Receiving from an empty channel blocks until a message is sent into the channel or the channel becomes closed. Zero-capacity channels are always empty, and receiving blocks until a send operation appears on the other side of the channel or it becomes closed.

There is also a non-blocking method try_recv, which receives a message if it is immediately available, or returns None otherwise.

use crossbeam_channel as channel;

let (s, r) = channel::bounded(1);

// Send a message into the channel.
s.send("foo");

// This call would block because the channel is full.
// s.send("bar");

// Receive the message.
assert_eq!(r.recv(), Some("foo"));

// This call would block because the channel is empty.
// r.recv();

// Try receiving a message without blocking.
assert_eq!(r.try_recv(), None);

// Close the channel.
drop(s);

// This call doesn't block because the channel is now closed.
assert_eq!(r.recv(), None);

For greater control over blocking, consider using the select! macro.

Iteration

A channel is a special kind of iterator, where items can be dynamically produced by senders and consumed by receivers. Indeed, Receiver implements the Iterator trait, and calling next is equivalent to calling recv.

use std::thread;
use crossbeam_channel as channel;

let (s, r) = channel::unbounded();

thread::spawn(move || {
    s.send(1);
    s.send(2);
    s.send(3);
    // `s` was moved into the closure so now it gets dropped,
    // thus closing the channel.
});

// Collect all messages from the channel.
//
// Note that the call to `collect` blocks until the channel becomes
// closed and empty, i.e. until `r.next()` returns `None`.
let v: Vec<_> = r.collect();
assert_eq!(v, [1, 2, 3]);

Select

The select! macro allows declaring a set of channel operations and blocking until any one of them becomes ready. Finally, one of the operations is executed. If multiple operations are ready at the same time, a random one is chosen. It is also possible to declare a default case that gets executed if none of the operations are initially ready.

An example of receiving a message from two channels, whichever becomes ready first:

use std::thread;
use crossbeam_channel as channel;

let (s1, r1) = channel::unbounded();
let (s2, r2) = channel::unbounded();

thread::spawn(move || s1.send("foo"));
thread::spawn(move || s2.send("bar"));

// Only one of these two receive operations will be executed.
select! {
    recv(r1, msg) => assert_eq!(msg, Some("foo")),
    recv(r2, msg) => assert_eq!(msg, Some("bar")),
}

For more details, take a look at the documentation for select!.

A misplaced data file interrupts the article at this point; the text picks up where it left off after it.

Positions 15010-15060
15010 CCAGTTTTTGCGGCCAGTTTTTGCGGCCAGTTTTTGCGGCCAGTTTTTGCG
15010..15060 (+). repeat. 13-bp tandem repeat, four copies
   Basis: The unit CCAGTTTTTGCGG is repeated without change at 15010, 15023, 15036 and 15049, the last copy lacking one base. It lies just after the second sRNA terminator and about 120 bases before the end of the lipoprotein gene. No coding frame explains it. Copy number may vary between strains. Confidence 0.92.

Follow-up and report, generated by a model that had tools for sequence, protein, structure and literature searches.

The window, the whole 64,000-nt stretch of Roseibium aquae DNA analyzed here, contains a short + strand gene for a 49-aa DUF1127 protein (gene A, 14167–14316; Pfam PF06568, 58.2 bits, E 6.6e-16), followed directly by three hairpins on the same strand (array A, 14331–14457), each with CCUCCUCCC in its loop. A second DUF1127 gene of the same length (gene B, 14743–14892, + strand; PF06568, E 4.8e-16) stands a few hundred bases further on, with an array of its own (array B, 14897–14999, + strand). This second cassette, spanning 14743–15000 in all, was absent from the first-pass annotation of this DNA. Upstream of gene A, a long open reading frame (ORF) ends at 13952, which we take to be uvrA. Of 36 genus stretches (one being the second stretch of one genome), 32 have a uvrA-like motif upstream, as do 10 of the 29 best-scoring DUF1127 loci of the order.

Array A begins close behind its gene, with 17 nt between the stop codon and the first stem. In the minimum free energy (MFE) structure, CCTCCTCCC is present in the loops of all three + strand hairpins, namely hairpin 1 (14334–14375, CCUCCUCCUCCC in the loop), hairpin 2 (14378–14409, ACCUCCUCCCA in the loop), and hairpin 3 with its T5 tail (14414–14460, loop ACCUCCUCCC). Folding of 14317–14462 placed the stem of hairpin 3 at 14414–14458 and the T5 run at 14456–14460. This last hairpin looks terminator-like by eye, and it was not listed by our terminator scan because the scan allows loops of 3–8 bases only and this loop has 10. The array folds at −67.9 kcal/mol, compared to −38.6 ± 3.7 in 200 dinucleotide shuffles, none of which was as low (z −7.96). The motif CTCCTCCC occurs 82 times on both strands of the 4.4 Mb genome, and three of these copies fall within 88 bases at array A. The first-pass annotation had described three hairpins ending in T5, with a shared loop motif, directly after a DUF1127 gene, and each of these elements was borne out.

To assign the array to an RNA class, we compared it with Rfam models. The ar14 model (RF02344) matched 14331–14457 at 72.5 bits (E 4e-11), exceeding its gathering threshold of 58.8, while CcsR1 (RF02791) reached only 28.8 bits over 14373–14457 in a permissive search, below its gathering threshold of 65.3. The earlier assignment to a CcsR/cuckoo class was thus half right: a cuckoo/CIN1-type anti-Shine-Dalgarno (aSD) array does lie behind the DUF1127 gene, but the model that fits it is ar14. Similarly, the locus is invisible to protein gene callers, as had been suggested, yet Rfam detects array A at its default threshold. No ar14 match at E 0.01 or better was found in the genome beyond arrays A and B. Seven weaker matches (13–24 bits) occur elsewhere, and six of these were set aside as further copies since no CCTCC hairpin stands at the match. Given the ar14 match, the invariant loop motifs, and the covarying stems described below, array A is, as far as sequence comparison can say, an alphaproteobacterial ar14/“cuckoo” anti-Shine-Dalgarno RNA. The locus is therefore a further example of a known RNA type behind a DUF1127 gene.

If you need to dynamically add cases rather than define them statically inside the macro, use Select instead.

Frequently asked questions

How to try receiving a message, but also check whether the channel is empty or closed?

Use the select! macro:

use crossbeam_channel as channel;

let (s, r) = channel::unbounded();
s.send("hello");

select! {
    recv(r, msg) => match msg {
        Some(msg) => println!("received {:?}", msg),
        None => println!("the channel is closed"),
    }
    default => println!("the channel is empty"),
}

How to try sending a message without blocking when the channel is full?

Use the select! macro:

use crossbeam_channel as channel;

let (s, r) = channel::bounded(1);
s.send("first");

select! {
    send(s, "second") => println!("message sent"),
    default => println!("the channel is full"),
}

How to try sending/receiving a message with a timeout?

Function after creates a special kind of channel that delivers a message after the specified timeout. Use select! to wait until a message is sent/received or the timeout is fired:

use std::time::Duration;
use crossbeam_channel as channel;

let (s, r) = channel::bounded(1);
s.send("hello");

let timeout = Duration::from_millis(100);

select! {
    recv(r, msg) => match msg {
        Some(msg) => println!("received {:?}", msg),
        None => println!("the channel is closed"),
    }
    recv(channel::after(timeout)) => println!("timed out; the channel is still empty"),
}

Macros

select

Waits on a set of channel operations.

Structs

Receiver

The receiving side of a channel.

Select

Waits on a set of channel operations.

Sender

The sending side of a channel.

Functions

after

Creates a receiver that delivers a message after a certain duration of time.

bounded

Creates a channel of bounded capacity.

tick

Creates a receiver that delivers messages periodically.

unbounded

Creates a channel of unbounded capacity.